The Twist by Bjarke Ingels Group is a museum that hovers over the Randselva River, adding a second, spectacular water crossing to Norway’s Kistefos sculpture park. Visitors can wander through the bridge’s shifting volumes, peering out at the forested landscape through a full-width glass wall that twists upwards as one moves from North to South across the river. Aluminum panels stack like a fan to create a mesmerizing spiraling effect. “Wherever you look, you see arches and curves, Fibonacci spirals and saddle shapes, but when you look closer you realize that everything is created from straight lines—straight sheets of aluminum, straight boards of wood. It’s an expressive organic sculpture composed of rational repetitive elements,” says Bjarke Ingels.

In the wake of a ravaging cyclone, a local philanthropist donated land to build Friendship Hospital, an 80-bed structure set against the predominantly rural and riverine Bengal landscape. It’s a series of interconnected courtyards with a central canal, where rainwater is collected and used to nurture the internal landscape. The site holds two large tanks for harvested rainwater—a valuable resource in an area where the saline groundwater is unusable for most practical purposes. It’s an efficiently built campus that blends with its deep-green, earthy surroundings.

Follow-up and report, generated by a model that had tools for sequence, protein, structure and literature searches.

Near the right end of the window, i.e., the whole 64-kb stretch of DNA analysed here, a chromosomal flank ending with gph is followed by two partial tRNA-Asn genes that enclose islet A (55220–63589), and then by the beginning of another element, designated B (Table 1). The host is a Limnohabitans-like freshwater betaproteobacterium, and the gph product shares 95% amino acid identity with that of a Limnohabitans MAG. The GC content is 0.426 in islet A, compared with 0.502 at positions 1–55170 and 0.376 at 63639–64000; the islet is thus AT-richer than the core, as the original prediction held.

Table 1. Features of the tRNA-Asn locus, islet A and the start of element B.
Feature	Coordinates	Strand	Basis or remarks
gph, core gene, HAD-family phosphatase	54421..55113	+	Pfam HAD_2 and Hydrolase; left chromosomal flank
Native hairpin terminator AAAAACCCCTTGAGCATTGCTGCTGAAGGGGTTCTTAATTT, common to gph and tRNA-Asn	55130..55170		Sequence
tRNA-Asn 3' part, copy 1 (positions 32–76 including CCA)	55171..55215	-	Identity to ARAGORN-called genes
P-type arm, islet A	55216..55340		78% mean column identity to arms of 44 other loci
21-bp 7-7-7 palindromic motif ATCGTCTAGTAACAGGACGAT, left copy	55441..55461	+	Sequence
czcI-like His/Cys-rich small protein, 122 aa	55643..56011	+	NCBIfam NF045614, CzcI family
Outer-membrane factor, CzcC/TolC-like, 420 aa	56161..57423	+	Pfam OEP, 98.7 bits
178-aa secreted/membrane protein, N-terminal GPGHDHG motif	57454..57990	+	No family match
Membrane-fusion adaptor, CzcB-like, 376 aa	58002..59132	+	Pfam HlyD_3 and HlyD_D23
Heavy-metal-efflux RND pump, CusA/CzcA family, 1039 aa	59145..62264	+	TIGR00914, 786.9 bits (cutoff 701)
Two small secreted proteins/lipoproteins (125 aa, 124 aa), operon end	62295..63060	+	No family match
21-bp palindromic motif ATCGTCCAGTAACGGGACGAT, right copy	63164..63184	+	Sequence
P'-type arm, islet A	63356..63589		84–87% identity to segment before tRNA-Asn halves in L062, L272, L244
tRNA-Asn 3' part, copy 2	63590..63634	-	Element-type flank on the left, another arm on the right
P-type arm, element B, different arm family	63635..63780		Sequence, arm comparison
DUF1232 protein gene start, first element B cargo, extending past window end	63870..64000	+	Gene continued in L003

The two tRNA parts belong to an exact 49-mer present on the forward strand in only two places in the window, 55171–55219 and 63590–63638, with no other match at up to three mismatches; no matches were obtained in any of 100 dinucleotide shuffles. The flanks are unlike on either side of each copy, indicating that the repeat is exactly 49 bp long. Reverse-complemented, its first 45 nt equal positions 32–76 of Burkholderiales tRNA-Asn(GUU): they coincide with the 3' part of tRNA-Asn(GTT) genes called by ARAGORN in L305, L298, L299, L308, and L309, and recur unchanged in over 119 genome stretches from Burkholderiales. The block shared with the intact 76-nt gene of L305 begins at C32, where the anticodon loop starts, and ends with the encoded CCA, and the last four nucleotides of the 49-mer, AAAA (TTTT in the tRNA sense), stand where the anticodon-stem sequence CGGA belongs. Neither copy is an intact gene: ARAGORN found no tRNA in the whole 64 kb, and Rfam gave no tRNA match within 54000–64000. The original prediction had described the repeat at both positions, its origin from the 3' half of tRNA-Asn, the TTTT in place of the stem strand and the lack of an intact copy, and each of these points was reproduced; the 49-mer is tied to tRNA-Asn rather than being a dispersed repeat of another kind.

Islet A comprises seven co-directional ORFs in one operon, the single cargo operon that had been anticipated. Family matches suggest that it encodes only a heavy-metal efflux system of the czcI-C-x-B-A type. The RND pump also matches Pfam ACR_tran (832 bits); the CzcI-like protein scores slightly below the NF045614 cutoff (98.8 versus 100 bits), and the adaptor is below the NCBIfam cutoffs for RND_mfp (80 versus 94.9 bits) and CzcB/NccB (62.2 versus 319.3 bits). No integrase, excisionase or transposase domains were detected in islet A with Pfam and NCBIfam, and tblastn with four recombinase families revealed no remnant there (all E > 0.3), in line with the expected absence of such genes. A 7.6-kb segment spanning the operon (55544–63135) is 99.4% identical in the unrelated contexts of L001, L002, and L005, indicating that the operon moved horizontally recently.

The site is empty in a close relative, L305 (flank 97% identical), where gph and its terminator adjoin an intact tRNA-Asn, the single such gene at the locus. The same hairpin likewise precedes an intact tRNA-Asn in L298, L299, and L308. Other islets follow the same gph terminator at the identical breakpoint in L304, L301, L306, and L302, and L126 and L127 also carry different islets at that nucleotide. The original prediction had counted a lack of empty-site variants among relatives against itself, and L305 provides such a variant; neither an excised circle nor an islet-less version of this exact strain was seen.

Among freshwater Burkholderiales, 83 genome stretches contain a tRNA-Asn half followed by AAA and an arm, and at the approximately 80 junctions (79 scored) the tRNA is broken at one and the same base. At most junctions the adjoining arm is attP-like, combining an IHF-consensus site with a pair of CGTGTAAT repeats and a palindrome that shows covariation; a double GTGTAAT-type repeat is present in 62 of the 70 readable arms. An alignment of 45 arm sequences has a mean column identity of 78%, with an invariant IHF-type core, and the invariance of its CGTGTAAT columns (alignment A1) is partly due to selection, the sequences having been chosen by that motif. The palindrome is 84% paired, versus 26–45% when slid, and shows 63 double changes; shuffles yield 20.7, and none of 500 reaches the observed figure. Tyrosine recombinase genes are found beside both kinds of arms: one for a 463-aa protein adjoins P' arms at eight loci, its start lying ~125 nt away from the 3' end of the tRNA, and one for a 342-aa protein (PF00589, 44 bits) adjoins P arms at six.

Built for an aging married couple, Red Roof House champions a style of regional architecture that accommodates their culture and lifestyle. The multiuse ground floor provides space for bicycle repair, a living room, a kitchen, a traditional outdoor woodstove, bedrooms, and cooking and meal preparation facilities. Instead of one major courtyard, three outdoor spaces in the front, middle, and back of the home connect indoor to out. A rooftop garden provides produce for every meal while providing a layer of insulation that’s far better than the steel roofs of nearby homes.

Musée Yves Saint Laurent is a museum dedicated to the French fashion designer. It houses thousands of items of clothing, haute couture accessories, sketches, and assorted objects. In addition to a museum, the building holds a permanent exhibition space, a bookshop, a café-restaurant with a terrace, and a research library with some 5,000 books. Studio KO studied Saint Laurent’s archive to arrive at a structural design that mimics his curved and rectilinear designs, and one that uses intricate brickwork to achieve a look not unlike stitched clothing.